In Hardy's short story, "The Son's Veto," how much are the characters responsible for their own fates?
The question of responsibility is an interesting one. There is a real sense in which it might be said that none of the characters have responsibility for what happened to them, with two significant exceptions. Those exceptions concern the pride of the vicar and Randolph. Trying to find this burden of responsibility in the symbolism of the name "Twycott" is tricky because "Twycott" seems to be made up. "Twy-" though, is a variant on a prefix meaning "two." The surname "Cott" is considered a metonymy that was representative of the word for a coat of chain mail armour and that was given as a nickname to people who were "hard and unfeeling." This may be an appropriate analysis of the name Twycott as it applies to the vicar and to Randolf and a clue into the burden of responsibility.
Vicar Twycott may be seen to have been responsible for Sophy's and Sam's suffering because of hard heartedness on three counts: (1) asking Sophy to marry him when he knew he would be ashamed of her socially, "Mr. Twycott knew perfectly well that he had committed social suicide ..."; (2) not insisting upon Randolph showing respect and generosity to his mother's background and dialect, "her boy, with his aristocratic school-knowledge, his grammars, and his aversions, was losing those wide infantine sympathies, ... and drift[ing] ... away from [Sophy]"; (3) not providing for her financial autonomy and independence in his will, "Sophy had been treated like the child she was in nature though not in years. She was left with no control over anything that had been her husband's beyond her modest personal income."
Randolph has the burden of responsibility as one of the two hard and unfeeling characters. At an early age, as shown at the concert, he lost natural respect and affection for Sophy because of her village ways. Though she adapted to some of the refinements of the upper class, her speech always gave her away and made acquaintances less receptive of her. Later, as a solitary widow, she lost the refinements she had acquired, so Randolph grew more distant:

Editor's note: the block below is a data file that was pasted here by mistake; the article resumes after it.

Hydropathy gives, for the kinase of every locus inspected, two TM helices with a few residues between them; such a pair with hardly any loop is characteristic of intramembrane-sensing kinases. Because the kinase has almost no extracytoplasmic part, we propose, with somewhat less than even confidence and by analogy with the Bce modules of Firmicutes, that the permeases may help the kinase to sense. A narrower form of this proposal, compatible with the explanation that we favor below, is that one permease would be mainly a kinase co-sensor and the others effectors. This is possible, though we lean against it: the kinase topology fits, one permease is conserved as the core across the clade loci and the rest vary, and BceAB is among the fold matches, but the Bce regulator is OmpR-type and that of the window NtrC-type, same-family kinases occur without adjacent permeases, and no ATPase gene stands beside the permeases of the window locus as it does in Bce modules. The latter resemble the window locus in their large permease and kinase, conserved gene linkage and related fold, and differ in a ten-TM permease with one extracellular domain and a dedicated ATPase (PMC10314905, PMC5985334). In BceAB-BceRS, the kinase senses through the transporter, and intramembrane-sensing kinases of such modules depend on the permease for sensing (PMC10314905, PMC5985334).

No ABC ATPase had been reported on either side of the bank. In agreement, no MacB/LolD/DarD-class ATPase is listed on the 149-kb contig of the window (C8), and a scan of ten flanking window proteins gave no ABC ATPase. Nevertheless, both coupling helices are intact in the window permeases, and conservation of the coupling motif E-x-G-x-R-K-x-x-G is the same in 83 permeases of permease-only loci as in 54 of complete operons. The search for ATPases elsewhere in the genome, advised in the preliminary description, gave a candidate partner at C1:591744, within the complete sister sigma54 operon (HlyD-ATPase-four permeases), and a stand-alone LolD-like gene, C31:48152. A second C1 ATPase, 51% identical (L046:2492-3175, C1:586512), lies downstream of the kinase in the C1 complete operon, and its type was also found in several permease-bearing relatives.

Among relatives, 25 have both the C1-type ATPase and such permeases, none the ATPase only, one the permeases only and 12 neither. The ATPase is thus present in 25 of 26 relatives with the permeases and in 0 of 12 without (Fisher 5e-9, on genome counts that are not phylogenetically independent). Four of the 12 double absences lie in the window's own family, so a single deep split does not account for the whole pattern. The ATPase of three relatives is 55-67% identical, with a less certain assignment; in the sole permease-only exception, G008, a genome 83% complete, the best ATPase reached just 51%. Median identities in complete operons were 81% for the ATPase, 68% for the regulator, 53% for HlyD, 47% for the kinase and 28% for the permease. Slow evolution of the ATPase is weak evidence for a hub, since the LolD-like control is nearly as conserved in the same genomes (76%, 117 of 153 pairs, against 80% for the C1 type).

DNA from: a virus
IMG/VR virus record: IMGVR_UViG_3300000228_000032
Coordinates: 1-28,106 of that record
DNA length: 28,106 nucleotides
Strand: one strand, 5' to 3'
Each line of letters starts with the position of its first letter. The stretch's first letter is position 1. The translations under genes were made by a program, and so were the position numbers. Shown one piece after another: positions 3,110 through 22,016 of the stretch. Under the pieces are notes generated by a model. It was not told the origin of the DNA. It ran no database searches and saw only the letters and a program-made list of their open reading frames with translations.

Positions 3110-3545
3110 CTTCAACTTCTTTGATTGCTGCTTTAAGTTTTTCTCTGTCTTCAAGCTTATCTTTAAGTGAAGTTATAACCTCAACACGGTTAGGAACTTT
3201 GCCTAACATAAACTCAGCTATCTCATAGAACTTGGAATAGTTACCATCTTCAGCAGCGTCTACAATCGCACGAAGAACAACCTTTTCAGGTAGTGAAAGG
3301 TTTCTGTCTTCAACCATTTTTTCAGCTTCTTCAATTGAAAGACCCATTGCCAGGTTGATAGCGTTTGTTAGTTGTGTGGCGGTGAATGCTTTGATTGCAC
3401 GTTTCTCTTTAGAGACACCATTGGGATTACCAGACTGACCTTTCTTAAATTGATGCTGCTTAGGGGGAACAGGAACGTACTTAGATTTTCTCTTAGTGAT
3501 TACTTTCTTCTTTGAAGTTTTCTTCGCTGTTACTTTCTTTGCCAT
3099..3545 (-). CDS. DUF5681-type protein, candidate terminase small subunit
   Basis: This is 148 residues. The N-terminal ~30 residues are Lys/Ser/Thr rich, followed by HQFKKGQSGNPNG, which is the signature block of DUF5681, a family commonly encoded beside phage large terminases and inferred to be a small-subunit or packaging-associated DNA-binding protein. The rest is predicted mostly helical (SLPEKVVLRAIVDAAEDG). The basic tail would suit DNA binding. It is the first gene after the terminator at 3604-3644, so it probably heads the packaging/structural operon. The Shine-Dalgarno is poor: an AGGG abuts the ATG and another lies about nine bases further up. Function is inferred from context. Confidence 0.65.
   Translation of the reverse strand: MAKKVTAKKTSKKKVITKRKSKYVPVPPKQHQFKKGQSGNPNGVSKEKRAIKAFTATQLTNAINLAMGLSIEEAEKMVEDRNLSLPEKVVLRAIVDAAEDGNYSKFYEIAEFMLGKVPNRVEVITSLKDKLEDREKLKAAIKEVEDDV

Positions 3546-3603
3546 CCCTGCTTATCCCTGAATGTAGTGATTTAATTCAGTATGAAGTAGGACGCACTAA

[She] became in her son's eyes--a mother whose mistakes and origin it was his painful lot as a gentleman to blush for. ... If he had lived at home with her he would have had all of [the yearning fondness that welled up and remained penned in her heart]; ....
His greatest responsibility is that he cruelly put his pride and his social status before any other consideration, very much in the same way as his father put his pride and social standing before other considerations; they are Twycotts.
Sophy and Sam may be said to have a shared responsibility in their fates in that their quarrel after their engagement opened the opportunity for both Sophy's accident and her marriage to Twycott. Perhaps the theme of this subtext is that havoc follows unresolved chaos in relationships, thus chaos in relationships must certainly be turned to harmony. Once things were set in motion, there was legally little or nothing Sophy could do to liberate herself from Randolph's tyranny. Similarly, Sam was legally bound to do nothing to liberate Sophy by his own actions.
Definately sophy, she was weak in descision making. Her first mistake was marrying the vicar. She did not love him but didn't see agood reason to refuse him. Her second mistake was not changing herself according to the society, if she had, life could have been happier. Her third mistake was letting her son have so much influence on her, sophy could have prevented that. She had no legal right to stand up and insist on marrying Sam. Judging from the points above it can be said that sophy was responsible for her own fate to quite a certain extent.
Sam hobson was not responsible for his own fate.He did what he could and it was not his fault that sophy refused to marry him, except that he quarreled with her.
the vicar and the son were not responsible for the little tragedies of their life but were responsible for other people's misery.